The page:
Presented here is a re-mastered version of my personal favorite from the 2010 AMAM run. Hópur is an Icelandic word for a group or a crowd of people. The night we made this stands today as one of my fondest memories.
The event in question was a birthday party for Mike Ressl, Megan Slator and Colin Froeber (who I maintain was not born but was in fact stiched together by the body parts of dead cast members from Cats). And the song! Oh the song. A beautiful piece by Mr. JR Olive (sleepmaps). You can find more of his stuff here.
Holding off the post I was going to do today (damn technical issues) for a subject much more worthy of our collective attention.
This is Josie. She is beautiful.
Josie is the middle dog of my good friends Mike Scholtz and Valerie Coit, one half of the Free Range Film Festival‘s ruling imperial senate. Josie is getting up there in age and needs some work done on her knee, and animal surgery ain’t cheap. There’s a reason it’s harder to be a vet than a human doctor. Animals can’t tell you whats wrong, and you need to be fluent in the medical needs of thousands of species (or maybe just hundreds, but that’s still a lot of species).
Mike decided to try and start a Kickstarter campaign to help ease the financial burden, an attempt which was quickly shuttered. I would keep talking, but the visual aid is much more informative.
Good luck to you Mike, Val and Josie. You can put me down for the $20 – $50 range if Kickstarter ever gets their poop in a group.
Watched a film by Salvador Dali for the first time on the suggestion of a friend. If you’re into the surreal and experimental, give it a shot. “Un chien andalou” is fifteen minutes of some pretty bizarre stuff, and the opening minute is not for the squeamish.
The first thing that stood out to me is the film’s pacing, which seems much more frenetic than other films of the same era. If this gets your Dali juices flowing, do a YouTube search for his collaboration with Walt Disney. You will not be disappointed.
(Does the actress in this movie remind anyone of Morgan Kibby?)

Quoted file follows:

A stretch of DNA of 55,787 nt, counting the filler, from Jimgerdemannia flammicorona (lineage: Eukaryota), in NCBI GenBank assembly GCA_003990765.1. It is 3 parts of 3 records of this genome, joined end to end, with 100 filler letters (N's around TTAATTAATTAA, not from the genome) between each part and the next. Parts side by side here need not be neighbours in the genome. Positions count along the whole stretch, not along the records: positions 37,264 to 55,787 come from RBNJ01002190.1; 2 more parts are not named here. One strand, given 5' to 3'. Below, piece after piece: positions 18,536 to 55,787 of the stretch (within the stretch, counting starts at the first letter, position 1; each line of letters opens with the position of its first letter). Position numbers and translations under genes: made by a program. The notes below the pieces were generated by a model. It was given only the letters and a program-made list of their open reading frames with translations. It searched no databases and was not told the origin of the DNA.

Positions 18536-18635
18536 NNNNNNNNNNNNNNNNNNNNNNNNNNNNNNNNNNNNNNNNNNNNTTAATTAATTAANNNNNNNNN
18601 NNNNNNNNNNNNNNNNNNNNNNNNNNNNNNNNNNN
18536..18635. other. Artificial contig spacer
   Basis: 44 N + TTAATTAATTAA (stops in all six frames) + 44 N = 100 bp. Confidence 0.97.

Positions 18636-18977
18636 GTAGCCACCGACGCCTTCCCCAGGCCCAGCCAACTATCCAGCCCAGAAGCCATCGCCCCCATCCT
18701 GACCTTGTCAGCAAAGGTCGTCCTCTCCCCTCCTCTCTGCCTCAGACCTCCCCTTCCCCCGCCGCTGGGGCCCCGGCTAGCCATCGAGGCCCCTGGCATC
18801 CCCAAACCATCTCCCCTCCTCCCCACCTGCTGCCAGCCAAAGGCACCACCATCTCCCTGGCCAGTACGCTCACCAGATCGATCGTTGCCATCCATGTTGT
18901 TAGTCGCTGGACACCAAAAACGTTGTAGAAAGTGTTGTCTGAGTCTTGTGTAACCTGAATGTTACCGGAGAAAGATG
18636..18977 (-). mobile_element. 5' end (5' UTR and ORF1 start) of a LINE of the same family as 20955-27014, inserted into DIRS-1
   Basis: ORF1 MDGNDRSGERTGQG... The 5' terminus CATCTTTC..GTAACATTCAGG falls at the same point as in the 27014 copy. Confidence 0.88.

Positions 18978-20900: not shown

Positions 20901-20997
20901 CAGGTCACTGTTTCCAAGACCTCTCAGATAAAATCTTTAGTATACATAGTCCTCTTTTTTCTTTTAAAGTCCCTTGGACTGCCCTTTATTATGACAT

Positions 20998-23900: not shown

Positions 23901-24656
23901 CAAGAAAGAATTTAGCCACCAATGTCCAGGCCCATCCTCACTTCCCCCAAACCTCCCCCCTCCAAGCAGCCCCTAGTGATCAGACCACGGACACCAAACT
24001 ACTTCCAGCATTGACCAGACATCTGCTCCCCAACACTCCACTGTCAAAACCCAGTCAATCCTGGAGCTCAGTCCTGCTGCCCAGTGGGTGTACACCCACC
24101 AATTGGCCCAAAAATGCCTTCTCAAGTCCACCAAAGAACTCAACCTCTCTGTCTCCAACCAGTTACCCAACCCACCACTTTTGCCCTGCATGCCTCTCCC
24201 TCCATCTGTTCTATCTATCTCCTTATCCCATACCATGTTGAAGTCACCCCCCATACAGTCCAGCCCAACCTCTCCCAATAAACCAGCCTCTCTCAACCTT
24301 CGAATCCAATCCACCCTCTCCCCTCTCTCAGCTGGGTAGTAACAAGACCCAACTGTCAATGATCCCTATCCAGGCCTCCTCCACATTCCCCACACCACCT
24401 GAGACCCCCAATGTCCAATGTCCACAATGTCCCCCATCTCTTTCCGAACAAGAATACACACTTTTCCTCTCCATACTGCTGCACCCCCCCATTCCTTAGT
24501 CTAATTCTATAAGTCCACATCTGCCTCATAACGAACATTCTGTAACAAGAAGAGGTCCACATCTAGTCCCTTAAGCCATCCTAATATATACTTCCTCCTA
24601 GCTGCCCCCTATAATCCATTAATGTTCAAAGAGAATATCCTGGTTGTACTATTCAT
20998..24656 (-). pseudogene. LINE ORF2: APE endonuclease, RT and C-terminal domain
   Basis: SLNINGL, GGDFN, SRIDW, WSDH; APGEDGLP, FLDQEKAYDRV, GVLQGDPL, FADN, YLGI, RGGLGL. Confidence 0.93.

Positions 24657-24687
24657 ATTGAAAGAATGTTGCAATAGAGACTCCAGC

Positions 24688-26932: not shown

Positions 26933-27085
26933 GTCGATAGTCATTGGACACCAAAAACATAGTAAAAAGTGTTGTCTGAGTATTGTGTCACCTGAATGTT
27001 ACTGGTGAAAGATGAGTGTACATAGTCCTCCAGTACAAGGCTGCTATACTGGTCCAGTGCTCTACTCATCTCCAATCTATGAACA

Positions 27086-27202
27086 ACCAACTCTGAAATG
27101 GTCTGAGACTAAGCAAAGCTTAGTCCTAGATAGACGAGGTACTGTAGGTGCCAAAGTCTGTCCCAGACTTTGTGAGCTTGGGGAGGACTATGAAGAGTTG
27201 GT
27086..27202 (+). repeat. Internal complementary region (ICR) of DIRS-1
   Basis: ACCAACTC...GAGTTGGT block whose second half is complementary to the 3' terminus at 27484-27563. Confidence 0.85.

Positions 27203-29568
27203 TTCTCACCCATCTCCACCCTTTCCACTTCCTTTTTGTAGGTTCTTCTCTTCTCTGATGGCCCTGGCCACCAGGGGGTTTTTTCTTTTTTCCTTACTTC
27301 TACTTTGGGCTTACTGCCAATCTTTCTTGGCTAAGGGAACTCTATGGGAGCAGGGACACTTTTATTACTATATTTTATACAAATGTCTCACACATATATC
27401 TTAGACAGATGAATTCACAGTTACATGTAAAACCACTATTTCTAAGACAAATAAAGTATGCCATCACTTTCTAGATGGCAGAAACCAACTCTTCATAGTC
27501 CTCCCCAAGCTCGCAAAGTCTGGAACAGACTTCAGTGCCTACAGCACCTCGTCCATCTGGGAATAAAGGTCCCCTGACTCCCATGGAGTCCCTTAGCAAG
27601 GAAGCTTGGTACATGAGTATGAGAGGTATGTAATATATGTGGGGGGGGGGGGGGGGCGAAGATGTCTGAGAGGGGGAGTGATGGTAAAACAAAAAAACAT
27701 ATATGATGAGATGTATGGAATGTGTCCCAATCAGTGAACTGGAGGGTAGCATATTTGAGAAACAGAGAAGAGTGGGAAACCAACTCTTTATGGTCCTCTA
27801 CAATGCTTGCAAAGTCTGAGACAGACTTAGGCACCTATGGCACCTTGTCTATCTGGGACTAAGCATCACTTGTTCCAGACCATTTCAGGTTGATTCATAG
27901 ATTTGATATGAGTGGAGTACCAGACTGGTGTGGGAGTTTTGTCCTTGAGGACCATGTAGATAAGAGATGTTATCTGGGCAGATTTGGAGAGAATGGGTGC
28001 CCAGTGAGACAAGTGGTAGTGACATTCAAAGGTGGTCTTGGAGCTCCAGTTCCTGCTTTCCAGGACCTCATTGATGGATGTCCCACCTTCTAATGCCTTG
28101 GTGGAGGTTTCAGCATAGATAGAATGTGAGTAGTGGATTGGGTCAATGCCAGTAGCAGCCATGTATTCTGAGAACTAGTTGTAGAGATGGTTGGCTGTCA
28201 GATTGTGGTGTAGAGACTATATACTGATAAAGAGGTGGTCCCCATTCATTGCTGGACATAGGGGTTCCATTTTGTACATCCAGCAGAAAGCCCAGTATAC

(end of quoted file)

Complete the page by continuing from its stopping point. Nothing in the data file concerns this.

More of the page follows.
Reflection is fun, especially when you have source material to aid in your recollections. Probably the main reason why I prefer filmmaking over live theatre (I love you Theatre B, please don’t disown me!) is having something “tangible” after the fact to show the work you did. I was feeling a bit wistful (restless) the other day, and so I grabbed whatever copies were nearest me of some of the movies I’ve worked on in the past years, and cobbled together this little montage.
These are snippets of recordings from some of the happiest times of my life. I’m looking forward to making the next one of these.
Would you rather see more Baby Bumpy, more Little Bastard, or more scenarios where the Schmidt twins gets gross things dumped on them?
I’d been watching painting and drawing time-lapses for a few months while I was trying to figure out what to do with a massive blank wall in my apartment. I’m surprised it took me so long to match the two thoughts up.
The image is from Sandman by Neil Gaiman. Making this video turned out to be serendipitous. A friend tweeted the video to Gaiman and he retweeted to his followers. The first time something I’ve put on the interwebs got some really legitimate traffic numbers.
The time-lapse video is something I wish I’d thought of during the 2010 run of A Movie A Month, before this was just a blog. It’s a little one-note, sure, but I’ll be damned if they aren’t a blast to make. So sue me.
The second painting was a present for a friend, Mike Ressl (his boner for Daft Punk never softens). Not as good as Lucifer, but it taught me a few things about stencils (the jerks never sit still).
I have a few ideas for some others, but they’ll have to wait. There’s other stuff cooking in the kitchen.